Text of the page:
Englewood
Christian
Church




Volume 53 Number 3 , May 1, 2004


Why I Am Not A Volunteer

Mike Bowling

I am from Tennessee. People from Tennessee are proud of their heritage of “volunteerism”; so much so that the nickname of the University of Tennessee is the Tennessee Volunteers (real fans shorten the name to “Vols”). Go Vols! It is a fine cultural heritage, but I must decline this designation regarding my relationships and participation in the church.

When I became a Christian, God added me to His family. All other identities were subjugated to this one. I am bound by God’s Spirit to my brothers and sisters in Christ. The Apostle Paul wrote, “So then, brethren, we are under obligation, not to the flesh...for all who are being led by the Spirit of God, these are sons of God.” (Romans 8:12-14) The word “obligation” means “to be bound”. This is the polar opposite of the word “volunteer” which means “to give one’s self to a task under no obligation. These observations are more than just semantics. In a day when people fill up their schedules, critical decisions must be made between obligations and volunteering. These are decisions which not only affect our daily lives together, but they also depict our true convictions concerning our identity in Christ.

Our world consists of many voluntary associations. We distinguish our relationship to family from our involvement in voluntary associations. Matter of fact, the most common excuse given for not volunteering is not enough time due to family obligations. I would include work obligations for most people as a subset of family obligations. Therefore, how I view my participation in the church depends on how I view my relationship to the church. Is the church family, or is it another association to which I belong?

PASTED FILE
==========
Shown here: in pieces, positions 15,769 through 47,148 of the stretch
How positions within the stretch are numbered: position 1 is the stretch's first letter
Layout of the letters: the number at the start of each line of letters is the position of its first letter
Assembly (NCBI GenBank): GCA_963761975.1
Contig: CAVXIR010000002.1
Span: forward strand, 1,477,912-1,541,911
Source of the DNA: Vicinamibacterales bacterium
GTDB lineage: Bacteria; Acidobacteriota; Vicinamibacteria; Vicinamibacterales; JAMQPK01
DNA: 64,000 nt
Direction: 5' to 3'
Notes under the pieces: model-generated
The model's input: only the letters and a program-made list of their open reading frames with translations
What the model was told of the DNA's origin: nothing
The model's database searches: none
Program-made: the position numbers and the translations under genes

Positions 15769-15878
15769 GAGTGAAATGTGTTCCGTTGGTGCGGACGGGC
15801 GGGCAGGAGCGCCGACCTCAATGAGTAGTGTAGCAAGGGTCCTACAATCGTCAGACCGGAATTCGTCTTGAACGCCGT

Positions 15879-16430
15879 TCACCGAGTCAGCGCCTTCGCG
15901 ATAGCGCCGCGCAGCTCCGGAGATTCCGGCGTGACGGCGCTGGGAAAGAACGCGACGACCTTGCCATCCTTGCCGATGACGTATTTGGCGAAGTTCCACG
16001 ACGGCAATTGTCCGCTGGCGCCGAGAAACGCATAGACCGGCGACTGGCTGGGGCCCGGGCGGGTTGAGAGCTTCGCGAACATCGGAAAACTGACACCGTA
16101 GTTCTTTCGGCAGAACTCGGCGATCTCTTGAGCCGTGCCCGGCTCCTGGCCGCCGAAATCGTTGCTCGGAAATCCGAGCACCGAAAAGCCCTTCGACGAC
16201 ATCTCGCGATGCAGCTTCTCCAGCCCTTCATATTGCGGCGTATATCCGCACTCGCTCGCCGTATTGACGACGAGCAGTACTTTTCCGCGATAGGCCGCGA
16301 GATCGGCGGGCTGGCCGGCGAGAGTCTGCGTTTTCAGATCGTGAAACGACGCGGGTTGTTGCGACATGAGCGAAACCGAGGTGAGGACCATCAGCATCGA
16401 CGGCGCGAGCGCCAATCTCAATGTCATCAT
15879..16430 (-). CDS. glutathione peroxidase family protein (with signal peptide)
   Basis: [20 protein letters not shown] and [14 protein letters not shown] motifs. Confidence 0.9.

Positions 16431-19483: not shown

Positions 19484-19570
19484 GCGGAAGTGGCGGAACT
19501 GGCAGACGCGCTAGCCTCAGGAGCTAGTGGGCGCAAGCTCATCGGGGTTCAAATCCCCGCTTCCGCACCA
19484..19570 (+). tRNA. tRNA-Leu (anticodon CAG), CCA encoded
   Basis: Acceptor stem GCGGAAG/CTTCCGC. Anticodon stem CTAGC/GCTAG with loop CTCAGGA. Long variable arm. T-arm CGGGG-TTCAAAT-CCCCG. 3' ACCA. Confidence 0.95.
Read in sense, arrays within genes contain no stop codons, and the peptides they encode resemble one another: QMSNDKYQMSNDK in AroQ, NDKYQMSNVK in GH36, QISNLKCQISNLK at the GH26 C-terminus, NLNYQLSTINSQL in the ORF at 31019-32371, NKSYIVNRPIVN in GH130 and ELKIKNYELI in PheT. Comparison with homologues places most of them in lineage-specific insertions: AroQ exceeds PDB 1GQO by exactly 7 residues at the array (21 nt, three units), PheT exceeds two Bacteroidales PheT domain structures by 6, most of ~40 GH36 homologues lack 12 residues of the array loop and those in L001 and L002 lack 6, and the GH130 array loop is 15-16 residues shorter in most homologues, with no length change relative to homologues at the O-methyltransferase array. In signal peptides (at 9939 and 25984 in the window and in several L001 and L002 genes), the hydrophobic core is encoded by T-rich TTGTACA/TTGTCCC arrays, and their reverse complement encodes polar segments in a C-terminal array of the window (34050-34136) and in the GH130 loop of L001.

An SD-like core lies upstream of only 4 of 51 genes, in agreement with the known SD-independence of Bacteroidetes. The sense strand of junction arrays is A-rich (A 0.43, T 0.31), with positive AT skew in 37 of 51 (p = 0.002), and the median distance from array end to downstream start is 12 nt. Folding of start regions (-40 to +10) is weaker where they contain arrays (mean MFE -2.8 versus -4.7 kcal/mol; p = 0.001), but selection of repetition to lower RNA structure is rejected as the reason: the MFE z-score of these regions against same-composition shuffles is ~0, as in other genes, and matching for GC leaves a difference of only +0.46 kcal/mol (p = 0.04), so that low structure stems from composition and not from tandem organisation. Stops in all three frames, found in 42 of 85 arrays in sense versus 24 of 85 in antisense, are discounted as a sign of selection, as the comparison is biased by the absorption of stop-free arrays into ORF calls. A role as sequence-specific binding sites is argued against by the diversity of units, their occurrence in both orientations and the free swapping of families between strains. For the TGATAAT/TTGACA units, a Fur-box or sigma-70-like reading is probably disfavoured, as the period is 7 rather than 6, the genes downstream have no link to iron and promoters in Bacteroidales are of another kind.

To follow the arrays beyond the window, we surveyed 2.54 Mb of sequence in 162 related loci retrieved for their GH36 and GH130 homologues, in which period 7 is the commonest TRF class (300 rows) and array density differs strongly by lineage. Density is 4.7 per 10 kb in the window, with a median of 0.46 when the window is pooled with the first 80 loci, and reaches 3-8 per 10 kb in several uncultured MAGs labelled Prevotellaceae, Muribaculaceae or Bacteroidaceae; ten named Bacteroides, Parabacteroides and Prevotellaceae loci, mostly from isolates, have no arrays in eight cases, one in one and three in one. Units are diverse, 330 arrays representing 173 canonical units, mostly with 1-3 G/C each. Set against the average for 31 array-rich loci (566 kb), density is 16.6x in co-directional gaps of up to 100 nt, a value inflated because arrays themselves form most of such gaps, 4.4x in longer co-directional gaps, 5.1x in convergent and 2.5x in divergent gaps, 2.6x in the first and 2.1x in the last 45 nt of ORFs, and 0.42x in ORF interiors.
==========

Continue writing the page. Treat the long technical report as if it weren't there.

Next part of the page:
The message of Ephesians 2 is that we were once alienated from God and thus alienated from one another, but in Christ that which separated us from God and one another was removed. We are now part of “God’s household” (verse 19). We are separated out of the world in order for God to reveal His wisdom to the world (Eph. 3:10). If we reduce our identity with the church to that of a voluntary association, we obscure God’s witness to the world through us.

Many will see all of this as much ado about nothing, but we must become sensitive to the ways in which our choice of words reveal our real convictions. Our recruiting of volunteers in the church suggests a level of expectations concerning our relationships which fall far short of what is revealed in the New Testament. Is it any wonder our resulting stories are less than spectacular?



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